- The Washington Times - Wednesday, January 21, 2009

The quibbling over who gets to say the prayers at the inauguration activities is petty (“Politics of prayer,” Commentary, Monday). I believe in prayer, but too often, flowery public prayer is for show and is meant to impress not God, but human listeners. God is not fooled by our attempts to show outwardly how religious we are.

When it is time for prayer at all the inauguration events, it would be more meaningful if, each time, there would be two minutes of silent prayer. That way, the people attending the events and the millions of people watching on television could offer their prayers to the Creator of all of us, no matter our religion, race, gender or sexual orientation. The silent prayers would include everyone and would stop the petty bickering.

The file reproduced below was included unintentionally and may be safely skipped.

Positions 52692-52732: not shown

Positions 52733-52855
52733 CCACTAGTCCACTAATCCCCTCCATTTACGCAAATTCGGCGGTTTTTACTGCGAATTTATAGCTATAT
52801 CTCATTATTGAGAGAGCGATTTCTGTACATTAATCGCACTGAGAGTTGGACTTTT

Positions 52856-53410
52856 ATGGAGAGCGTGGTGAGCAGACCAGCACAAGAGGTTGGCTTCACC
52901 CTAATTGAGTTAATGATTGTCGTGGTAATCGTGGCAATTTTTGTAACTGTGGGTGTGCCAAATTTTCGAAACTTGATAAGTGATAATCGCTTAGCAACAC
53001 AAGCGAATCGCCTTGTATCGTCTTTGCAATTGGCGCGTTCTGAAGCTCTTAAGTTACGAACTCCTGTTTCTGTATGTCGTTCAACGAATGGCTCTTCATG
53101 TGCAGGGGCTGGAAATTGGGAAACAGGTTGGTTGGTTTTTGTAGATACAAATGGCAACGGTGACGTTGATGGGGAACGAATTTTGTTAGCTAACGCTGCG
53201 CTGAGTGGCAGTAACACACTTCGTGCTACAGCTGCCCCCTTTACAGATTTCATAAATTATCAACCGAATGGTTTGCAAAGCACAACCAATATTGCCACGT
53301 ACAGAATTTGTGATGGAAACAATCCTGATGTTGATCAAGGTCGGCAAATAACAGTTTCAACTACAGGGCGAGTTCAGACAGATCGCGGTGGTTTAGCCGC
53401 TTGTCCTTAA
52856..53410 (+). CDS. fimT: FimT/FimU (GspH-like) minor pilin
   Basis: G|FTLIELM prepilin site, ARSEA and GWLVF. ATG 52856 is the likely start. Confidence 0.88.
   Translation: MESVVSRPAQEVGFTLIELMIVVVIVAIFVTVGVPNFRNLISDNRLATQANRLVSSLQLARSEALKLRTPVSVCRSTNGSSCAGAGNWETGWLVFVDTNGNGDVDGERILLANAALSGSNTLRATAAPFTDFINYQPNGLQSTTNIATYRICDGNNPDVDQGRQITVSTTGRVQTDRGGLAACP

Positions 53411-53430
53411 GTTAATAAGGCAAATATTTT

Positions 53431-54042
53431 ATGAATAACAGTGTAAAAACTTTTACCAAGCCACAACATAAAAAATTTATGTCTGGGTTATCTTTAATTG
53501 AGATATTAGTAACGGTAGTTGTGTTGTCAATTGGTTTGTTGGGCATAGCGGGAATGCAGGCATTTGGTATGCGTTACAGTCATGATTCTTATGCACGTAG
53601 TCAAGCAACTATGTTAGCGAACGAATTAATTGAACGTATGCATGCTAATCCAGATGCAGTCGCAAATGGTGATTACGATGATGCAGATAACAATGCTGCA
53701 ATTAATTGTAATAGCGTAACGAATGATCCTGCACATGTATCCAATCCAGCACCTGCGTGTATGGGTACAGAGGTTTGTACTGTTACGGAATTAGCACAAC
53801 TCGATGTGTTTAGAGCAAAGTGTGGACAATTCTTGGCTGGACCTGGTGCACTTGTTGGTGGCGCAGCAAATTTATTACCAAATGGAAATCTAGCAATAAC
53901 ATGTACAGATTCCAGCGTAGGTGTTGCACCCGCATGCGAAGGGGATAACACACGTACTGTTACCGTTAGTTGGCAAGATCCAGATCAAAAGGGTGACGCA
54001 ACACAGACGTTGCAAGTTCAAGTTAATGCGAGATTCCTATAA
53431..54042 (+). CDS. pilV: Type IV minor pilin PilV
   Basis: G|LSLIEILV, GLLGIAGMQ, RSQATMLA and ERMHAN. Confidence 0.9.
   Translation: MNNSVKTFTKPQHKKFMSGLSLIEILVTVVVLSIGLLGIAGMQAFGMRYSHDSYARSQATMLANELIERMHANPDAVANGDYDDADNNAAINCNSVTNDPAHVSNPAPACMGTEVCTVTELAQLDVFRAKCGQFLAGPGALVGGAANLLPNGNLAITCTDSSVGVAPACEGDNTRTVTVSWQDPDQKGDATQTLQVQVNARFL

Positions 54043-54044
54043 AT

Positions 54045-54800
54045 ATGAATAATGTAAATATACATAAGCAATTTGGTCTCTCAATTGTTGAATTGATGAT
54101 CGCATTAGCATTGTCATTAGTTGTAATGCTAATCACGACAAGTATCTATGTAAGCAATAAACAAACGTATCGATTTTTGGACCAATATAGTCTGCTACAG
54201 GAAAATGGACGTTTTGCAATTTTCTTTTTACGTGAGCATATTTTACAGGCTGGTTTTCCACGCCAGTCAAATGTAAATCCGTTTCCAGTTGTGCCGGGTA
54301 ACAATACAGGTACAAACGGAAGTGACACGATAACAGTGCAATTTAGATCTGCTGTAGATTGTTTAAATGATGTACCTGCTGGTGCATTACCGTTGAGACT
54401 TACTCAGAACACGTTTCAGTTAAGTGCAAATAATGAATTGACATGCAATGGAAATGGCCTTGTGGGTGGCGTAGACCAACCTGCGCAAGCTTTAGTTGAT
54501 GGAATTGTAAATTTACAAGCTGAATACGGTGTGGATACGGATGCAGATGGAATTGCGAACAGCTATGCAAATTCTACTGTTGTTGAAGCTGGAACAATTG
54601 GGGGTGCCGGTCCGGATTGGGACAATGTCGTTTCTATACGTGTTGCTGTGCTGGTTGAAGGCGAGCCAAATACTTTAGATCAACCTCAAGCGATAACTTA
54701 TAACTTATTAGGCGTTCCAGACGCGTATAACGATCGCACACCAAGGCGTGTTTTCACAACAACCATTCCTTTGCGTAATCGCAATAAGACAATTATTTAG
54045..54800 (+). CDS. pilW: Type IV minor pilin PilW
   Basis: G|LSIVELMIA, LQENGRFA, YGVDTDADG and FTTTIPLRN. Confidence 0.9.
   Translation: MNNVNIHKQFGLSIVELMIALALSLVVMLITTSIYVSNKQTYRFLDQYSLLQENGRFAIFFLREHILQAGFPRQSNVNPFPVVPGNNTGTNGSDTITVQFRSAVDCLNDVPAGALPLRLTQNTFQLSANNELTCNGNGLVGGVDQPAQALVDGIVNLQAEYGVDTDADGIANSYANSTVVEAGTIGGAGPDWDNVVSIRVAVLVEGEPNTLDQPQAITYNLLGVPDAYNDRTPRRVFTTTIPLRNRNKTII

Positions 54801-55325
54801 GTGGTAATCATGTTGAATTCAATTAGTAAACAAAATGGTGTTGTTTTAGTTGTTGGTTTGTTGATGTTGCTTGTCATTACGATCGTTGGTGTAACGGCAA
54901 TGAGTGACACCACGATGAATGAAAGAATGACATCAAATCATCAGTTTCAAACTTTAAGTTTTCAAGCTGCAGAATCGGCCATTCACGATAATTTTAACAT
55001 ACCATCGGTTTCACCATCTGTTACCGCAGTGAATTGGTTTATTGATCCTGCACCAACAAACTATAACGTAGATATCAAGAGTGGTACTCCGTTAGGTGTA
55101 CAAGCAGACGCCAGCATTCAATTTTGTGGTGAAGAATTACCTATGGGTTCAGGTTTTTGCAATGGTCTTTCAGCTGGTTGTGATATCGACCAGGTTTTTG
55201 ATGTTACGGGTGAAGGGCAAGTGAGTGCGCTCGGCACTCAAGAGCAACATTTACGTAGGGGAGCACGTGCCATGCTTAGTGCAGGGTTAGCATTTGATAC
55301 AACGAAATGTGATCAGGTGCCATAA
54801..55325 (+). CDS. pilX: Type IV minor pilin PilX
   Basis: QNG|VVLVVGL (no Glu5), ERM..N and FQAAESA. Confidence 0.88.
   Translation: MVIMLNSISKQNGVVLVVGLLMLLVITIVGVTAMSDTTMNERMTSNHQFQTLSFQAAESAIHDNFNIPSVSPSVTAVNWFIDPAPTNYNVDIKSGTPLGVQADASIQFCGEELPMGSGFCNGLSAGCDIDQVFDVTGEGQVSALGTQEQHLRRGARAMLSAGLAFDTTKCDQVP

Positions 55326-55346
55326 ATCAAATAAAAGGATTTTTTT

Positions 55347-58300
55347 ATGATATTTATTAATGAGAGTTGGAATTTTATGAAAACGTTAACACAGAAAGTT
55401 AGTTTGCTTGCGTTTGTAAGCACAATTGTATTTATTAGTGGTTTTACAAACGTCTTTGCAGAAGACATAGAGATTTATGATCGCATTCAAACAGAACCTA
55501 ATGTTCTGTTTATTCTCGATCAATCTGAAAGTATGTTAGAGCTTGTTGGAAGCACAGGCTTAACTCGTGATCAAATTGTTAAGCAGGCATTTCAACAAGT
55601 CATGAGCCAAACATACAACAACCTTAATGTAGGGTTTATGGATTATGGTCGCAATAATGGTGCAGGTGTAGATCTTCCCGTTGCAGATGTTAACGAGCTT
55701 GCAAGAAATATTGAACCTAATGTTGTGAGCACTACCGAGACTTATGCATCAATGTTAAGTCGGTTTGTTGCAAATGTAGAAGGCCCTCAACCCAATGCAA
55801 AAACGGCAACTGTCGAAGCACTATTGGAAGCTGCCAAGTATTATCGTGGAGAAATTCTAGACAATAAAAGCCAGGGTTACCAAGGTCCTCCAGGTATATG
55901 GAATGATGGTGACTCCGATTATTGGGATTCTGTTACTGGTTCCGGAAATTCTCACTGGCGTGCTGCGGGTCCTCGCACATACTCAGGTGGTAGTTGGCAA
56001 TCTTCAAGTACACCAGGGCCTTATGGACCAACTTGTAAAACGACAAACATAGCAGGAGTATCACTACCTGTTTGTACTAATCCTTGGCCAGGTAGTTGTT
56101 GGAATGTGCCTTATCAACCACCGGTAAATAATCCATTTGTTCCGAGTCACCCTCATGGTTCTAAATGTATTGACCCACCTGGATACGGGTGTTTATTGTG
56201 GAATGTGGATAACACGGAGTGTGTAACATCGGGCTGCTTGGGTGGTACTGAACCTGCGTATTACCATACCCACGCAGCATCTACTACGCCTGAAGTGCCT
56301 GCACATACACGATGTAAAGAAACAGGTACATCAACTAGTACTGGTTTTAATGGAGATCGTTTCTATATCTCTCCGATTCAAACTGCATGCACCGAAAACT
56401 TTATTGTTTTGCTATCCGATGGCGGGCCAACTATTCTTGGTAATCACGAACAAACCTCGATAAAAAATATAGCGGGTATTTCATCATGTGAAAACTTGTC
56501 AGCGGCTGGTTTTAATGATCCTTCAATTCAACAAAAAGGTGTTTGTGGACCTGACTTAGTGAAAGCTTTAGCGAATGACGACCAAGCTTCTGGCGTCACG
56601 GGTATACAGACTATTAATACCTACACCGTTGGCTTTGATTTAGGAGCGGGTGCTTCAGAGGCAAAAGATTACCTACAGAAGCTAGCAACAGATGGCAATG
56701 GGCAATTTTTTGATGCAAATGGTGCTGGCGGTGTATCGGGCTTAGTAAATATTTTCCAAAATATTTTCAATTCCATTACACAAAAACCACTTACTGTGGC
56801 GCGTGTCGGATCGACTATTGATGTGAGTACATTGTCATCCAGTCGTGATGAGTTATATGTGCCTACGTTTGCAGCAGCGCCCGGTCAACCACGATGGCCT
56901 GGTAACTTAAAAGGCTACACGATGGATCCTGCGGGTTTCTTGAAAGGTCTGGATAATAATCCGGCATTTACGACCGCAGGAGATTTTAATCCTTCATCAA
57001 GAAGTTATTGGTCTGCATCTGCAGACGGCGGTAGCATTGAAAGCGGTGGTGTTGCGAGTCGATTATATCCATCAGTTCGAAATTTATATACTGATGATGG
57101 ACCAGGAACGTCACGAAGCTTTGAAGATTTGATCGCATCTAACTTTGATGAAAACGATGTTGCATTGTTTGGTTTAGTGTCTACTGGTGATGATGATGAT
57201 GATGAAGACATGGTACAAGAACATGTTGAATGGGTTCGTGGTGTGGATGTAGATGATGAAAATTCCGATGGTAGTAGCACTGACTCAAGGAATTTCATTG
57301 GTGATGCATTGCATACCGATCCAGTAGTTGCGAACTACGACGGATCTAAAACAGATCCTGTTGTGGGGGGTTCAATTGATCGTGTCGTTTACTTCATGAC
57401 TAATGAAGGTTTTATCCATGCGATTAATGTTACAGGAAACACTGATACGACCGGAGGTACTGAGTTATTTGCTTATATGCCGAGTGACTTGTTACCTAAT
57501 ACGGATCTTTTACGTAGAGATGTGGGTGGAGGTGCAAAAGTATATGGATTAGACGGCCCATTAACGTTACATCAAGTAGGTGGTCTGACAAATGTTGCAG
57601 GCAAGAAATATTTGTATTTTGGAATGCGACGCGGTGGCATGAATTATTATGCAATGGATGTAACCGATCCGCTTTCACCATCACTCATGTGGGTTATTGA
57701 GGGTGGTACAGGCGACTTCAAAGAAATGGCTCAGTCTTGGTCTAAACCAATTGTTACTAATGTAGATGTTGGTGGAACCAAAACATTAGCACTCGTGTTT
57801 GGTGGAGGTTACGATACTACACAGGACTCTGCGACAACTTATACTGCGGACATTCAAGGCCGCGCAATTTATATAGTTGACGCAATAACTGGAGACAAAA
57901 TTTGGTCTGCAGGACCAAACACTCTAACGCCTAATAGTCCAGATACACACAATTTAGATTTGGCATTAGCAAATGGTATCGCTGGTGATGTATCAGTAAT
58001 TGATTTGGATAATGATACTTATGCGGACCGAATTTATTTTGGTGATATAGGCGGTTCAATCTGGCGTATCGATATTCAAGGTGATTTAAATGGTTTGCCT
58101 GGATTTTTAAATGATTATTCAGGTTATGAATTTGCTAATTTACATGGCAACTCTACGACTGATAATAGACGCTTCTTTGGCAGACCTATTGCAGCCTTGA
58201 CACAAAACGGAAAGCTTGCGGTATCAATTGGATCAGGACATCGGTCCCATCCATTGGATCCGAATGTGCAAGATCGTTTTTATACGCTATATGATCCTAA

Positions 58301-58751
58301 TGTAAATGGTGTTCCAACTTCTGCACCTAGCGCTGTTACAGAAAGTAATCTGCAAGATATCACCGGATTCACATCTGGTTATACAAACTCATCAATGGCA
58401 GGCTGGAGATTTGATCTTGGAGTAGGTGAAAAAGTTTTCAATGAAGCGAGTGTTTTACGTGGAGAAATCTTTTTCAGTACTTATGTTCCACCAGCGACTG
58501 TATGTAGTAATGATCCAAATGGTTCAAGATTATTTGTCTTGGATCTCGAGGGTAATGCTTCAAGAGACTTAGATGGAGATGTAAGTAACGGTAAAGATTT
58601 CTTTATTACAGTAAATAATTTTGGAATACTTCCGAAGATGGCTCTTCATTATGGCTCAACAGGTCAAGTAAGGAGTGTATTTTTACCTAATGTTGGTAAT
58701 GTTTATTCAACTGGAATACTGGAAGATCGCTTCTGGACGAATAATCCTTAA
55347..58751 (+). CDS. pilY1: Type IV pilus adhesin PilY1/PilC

Louisville, Ky.

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